Chronic inflammation in the gut can drive body processes that lead to Parkinson’s disease, according to a study by scientists at the Van Andel and Roche Institute.
The study, published in Free neuropathology, is the last of a growing list linking the gut and the immune system to Parkinson’s. The researchers’ findings in an experimental mouse model of the intestinal inflammation track with several large-scale epidemiological studies showing an association between Parkinson’s and inflammatory bowel diseases, such as ulcerative colitis and Crohn’s disease.
Epidemiological evidence from other groups indicates the risk of Parkinson’s in certain people inflammatory bowel disease it is treated with anti-TNF, a cure-all anti-inflammatory therapy, which suggests that reducing intestinal inflammation may have a promise in mitigating the onset of Parkinson’s.
“There is growing evidence that changes in the gut can affect a variety of neurological and psychiatric brain Patrik Brundin, MD, Ph.D., deputy scientific director of VAI and corresponding author of the study. “Parkinson’s is a complex disease with a wide range of factors that work together to cause its onset and progression. We need to better understand the likely influence of the gut on the development of Parkinson’s. This study provides new insights. and this new knowledge can facilitate the development of improved treatment approaches. “
In their disease models, the team found that chronic intestinal inflammation triggers a protein called alpha-synuclein to cluster in the walls of the colon, as well as in local immune cells called macrophages. A similar process can occur at both points in some people, such as those with inflammatory bowel disease, thus increasing the risk of developing Parkinson’s, as shown in studies from other groups.
Similarly, “sticky” alpha-synuclein aggregates also develop in the brains of people with Parkinson’s. For reasons that are not yet clear, these aggregates can clog the molecular machinery that keeps neurons alive. The resulting loss of some of these critical cells and the chemical messenger they produce, called dopamine, causes symptoms related to Parkinson’s movement, such as freezing and loss of voluntary movement. The additional development of alpha-synuclein aggregates throughout the brain may also be associated with the non-motor symptoms of the disease and may fuel its progression, which cannot be slowed or stopped with existing treatments.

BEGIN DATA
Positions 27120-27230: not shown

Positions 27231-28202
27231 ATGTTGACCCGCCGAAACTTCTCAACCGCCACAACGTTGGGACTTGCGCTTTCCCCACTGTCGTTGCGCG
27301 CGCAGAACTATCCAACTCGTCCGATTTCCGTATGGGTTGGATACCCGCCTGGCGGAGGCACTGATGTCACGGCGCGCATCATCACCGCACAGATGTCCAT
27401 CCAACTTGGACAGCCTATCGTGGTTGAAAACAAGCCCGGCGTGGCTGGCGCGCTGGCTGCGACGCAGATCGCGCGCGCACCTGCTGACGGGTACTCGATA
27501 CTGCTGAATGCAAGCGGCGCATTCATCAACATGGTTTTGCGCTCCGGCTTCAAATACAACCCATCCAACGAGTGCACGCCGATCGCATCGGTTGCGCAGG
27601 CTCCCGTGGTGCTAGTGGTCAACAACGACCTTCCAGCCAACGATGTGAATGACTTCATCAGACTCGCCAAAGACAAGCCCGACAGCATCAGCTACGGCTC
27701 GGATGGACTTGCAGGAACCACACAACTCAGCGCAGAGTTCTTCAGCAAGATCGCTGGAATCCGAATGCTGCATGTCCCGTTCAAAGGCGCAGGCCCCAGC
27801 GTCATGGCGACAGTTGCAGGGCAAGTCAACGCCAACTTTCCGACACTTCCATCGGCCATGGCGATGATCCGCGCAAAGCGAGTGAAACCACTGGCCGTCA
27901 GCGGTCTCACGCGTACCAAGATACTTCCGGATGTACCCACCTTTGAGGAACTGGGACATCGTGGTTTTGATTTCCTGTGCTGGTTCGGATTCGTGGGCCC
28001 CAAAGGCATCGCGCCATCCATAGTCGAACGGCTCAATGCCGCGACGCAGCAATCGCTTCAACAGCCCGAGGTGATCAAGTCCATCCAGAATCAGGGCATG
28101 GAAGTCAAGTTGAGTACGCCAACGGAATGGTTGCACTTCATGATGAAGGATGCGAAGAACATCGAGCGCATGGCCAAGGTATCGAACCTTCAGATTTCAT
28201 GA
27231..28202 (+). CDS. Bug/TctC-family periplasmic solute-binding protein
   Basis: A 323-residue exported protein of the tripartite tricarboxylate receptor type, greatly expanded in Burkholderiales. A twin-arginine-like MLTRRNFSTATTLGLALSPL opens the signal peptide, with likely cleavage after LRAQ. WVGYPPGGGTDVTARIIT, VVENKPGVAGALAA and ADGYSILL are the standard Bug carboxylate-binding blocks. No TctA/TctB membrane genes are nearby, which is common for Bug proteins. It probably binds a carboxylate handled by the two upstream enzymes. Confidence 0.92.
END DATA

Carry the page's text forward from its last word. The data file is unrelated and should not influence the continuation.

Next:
The study also revealed this chronic inflammation in the gut early in life can exacerbate the concentration of alpha-synuclein throughout the brain in older mice. While it’s unclear how this happens, the team has two theories: first, they suggest that inflammatory chemicals can travel from the gut to the brain through the bloodstream, causing a runaway inflammatory immune response that leads to protein aggregation. Another idea is that alpha-synuclein aggregates can travel to the brain through the brain vague nerves, one of the body’s longest nerves and a “highway” between the gut and the brain. Once there, proteins can perform their toxic activity in the brain.
“We now know that whole-body systems contribute to Parkinson’s,” said Emmanuel Quansah, Ph.D., a postdoctoral fellow in Brundin’s lab and a key contributor and co-author of the study. “It was amazing to see protein aggregation pathology in the brain that reflected the pathology of the colon caused by inflammation. A particularly fascinating observation was the loss of dopamine-producing nerve cells, which play an important role in the onset. of Parkinson’s, in our models who had intestinal inflammation a year and a half earlier. “
It should be noted that the team also found that modulation of immune activation in the colitis mouse model by genetic or therapeutic means adjusted the level of alpha-synuclein groups in the colon upward or downward.
“Our results in mice, along with other people’s genetic and epidemiological data in humans, constitute a strong argument for further exploring systemic immune pathways for future therapies and biomarkers for Parkinson’s,” said Markus Britschgi, Ph.D. .D. Head of section of the Department of Research in Neurosciences and Rare Diseases of the Roche Innovation Center in Basel and corresponding author of the study.
Free neuropathology, DOI: 10.17879 / freeneuropathology-2021-3326
Van Andel Research Institute
Citation: Understanding bowel inflammation may contain clues to mitigate the onset of Parkinson’s (2021, June 9) retrieved June 9, 2021 from https://medicalxpress.com/news/2021-06-gut-inflammation- clues-mitigating-parkinson.html
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